RENO, NEVADA—An international team of scientists has analyzed more than 20 ice cores from Greenland and Antarctica and reconstructed the climate timeline for the first millennium. “Ice-core timescales had been misdated previously by five to ten years during the first millennium leading to inconsistencies in the proposed timing of volcanic eruptions relative to written documentary and tree-ring evidence recording the climatic responses to the same eruptions,” Francis Ludlow of the Yale Climate & Energy Institute told The Telegraph. The new study of ice cores, combined with historic records from around the world, suggests that two huge volcanic eruptions in North America could have caused the sixth-century dust clouds that led to widespread famine and disease in Europe, and even the fall of the Roman Empire. “Our new dating allowed us to clarify long-standing debates concerning the origin and consequences of the severe and global climate anomalies which began with the mystery cloud in A.D. 536 observed in the Mediterranean basin,” said Michael Sigl of the Desert Research Institute and the Paul Scherrer Institute. 

Llama Geoglyphs Found in Nazca, Peru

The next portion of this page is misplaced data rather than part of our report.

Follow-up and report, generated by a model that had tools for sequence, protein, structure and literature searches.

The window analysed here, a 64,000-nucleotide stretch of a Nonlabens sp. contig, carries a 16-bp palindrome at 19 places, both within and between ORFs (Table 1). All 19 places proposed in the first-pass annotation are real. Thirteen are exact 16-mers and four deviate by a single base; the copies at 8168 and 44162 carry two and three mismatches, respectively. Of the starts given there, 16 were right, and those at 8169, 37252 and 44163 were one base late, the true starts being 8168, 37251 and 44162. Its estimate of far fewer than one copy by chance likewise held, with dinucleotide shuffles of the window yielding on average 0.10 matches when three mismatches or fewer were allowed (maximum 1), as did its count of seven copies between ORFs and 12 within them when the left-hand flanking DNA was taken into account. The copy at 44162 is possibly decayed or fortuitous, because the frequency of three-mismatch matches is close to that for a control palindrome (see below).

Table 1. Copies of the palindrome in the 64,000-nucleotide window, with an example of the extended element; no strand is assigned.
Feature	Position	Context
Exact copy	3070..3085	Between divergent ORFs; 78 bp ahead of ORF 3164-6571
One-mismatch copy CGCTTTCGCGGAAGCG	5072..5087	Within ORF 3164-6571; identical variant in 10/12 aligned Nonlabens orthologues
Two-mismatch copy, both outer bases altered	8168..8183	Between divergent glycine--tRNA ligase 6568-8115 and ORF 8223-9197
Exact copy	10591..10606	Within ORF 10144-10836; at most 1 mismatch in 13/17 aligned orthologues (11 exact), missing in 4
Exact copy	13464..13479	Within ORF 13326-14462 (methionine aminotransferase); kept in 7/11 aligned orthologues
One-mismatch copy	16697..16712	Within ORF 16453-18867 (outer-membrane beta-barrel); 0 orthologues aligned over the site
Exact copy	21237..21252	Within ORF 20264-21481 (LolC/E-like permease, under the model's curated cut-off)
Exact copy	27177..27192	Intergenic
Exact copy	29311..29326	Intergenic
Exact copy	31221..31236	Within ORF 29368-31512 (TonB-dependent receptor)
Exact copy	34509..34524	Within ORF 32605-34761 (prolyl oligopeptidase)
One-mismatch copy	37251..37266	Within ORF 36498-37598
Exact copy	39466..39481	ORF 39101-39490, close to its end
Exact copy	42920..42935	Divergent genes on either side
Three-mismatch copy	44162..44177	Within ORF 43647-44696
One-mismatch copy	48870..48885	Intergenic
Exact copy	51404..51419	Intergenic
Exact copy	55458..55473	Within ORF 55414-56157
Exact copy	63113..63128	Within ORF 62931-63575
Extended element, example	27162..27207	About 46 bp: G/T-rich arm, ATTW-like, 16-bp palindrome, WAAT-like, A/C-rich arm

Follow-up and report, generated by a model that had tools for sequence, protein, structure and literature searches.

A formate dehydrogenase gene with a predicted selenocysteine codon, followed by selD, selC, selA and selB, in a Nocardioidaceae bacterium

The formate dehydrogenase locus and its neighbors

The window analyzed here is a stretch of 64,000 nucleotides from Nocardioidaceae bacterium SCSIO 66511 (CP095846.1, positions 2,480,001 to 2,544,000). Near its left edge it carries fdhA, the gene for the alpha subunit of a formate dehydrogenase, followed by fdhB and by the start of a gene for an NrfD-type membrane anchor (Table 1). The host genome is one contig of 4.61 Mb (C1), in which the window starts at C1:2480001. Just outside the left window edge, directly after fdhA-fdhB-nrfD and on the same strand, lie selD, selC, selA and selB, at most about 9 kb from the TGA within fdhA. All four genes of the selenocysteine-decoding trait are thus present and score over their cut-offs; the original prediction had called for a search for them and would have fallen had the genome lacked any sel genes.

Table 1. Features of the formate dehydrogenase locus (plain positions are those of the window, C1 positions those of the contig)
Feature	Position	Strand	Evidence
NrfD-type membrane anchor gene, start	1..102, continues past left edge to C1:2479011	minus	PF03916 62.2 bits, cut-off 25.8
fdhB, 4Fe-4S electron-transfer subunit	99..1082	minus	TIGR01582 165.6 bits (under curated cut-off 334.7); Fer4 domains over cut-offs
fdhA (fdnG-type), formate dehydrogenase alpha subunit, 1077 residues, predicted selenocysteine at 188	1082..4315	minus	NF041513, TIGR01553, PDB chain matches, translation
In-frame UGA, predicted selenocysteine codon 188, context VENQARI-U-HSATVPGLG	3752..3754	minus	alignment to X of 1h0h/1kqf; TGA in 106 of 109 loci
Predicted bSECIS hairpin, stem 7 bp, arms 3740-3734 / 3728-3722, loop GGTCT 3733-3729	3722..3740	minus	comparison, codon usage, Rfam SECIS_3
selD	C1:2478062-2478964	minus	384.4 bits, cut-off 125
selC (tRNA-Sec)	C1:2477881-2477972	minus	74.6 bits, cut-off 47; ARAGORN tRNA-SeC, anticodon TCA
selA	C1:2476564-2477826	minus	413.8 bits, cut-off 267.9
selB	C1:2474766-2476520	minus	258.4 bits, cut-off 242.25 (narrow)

YAMAGATA, JAPAN—A team from Yamagata University has found an additional 24 images etched into the dust in urban areas of Nazca, Peru, using a 3-D scanner. The geoglyphs, many of which are heavily eroded, date from 400 to 200 B.C., and are thought to be older than other Nazca Line images such as the hummingbird. Most of the newly found drawings depict llamas. “There are no other areas concentrated with this many examples. Yet with both urban areas and farmland encroaching on the drawings, they are under the threat of being destroyed without being recognized as geoglyphs,” Masato Sakai of Yamagata University told The Asahi Shimbun. To read more, go to "Rituals of the Nasca Lines."

Bronze Age Gold Spirals Discovered in Denmark

COPENHAGEN, DENMARK—Some 2,000 spirals made of gold have been unearthed in a field in southwestern Zealand, where four gold bracelets and six gold bowls have been found in the past. The spirals date to the Bronze Age, between 900 and 700 B.C. “Maybe the spirals were fastened to the threads lining a hat or parasol. Maybe they were woven into hair or embroidered on a ceremonial garb. The fact is that we do not know, but I am inclined to believe that they were part of a priest-king’s garb or part of some headwear,” Flemming Kaul of the Danish National Museum said in a Danish-language press release reported in The Local. The site has now yielded the most gold jewelry and other artifacts by weight from the northern European Bronze Age. “The sun was one of the holy symbols in the Bronze Age and gold was presumably seen as having some sort of particular magic power. It is colored like the sun, it shines like the sun, and because gold lasts forever, it was also seen as containing some of the sun’s power,” Kaul said. To read more in-depth about the Bronze Age, go to "Wolf Rites of Winter."